Likewise, this is also a chance to tighten up some of the looser aspects of the game’s overall narrative, and address some of the more bizarre translations. While the minute-to-minute story of Final Fantasy VII is strong enough to be one of the reasons the game is so well remembered, there are a couple of moments where perhaps it could be a little bit tighter. For example, there are a couple of points in the story where the main group doesn’t have very much direction. Often, the player would head somewhere based purely on the fact that it’s the only new location the player can reach and maybe one idle line that Sephiroth was seen in that direction. Not to mention, while hilarious in hindsight, it might do the game some good to fix up some of the weirder translations: for a long stretch, the party is following behind the steps of someone with a “black cape” who they assume is Sephiroth (and to be fair, it’s the name of one of his themes). This would be perfectly fine, if Sephiroth ever wore a cape. Also, fixing up the warning Barret gives in the scorpion robot fight could also save some headaches. So, correcting little things like that might be beneficial, if only because there’s no reason to let things lie as they are. Except ‘this guy are sick.’ That can stay.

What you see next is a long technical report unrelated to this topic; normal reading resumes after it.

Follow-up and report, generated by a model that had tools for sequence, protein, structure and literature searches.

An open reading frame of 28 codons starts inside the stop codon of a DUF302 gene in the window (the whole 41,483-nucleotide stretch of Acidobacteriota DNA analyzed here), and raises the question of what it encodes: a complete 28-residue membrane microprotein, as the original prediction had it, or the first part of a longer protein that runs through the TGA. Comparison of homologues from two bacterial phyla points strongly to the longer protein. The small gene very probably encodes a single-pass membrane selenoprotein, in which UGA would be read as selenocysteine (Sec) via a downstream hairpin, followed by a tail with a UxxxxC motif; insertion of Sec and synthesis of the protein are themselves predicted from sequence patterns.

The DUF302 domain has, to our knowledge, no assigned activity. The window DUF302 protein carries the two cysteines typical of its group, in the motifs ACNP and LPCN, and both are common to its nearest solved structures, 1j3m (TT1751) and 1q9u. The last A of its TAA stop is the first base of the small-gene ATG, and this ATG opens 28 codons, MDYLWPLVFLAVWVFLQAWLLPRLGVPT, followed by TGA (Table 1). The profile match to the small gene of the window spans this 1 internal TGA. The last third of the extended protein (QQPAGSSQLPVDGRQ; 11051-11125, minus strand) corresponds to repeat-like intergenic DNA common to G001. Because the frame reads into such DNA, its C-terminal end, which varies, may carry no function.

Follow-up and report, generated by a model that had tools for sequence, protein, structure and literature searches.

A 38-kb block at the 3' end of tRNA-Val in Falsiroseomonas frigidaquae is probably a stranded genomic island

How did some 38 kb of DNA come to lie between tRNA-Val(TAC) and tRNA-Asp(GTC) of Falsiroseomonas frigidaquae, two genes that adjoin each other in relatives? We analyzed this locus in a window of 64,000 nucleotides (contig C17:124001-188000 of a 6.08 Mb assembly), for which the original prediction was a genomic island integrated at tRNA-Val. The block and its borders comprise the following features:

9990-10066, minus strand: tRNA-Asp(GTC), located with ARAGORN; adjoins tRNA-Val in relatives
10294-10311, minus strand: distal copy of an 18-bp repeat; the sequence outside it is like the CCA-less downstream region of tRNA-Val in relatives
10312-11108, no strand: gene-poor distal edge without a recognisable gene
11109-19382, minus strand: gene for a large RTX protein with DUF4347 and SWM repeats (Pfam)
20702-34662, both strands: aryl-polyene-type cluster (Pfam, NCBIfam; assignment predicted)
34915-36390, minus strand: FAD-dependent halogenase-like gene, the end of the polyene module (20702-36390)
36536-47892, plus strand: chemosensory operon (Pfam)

In conclusion: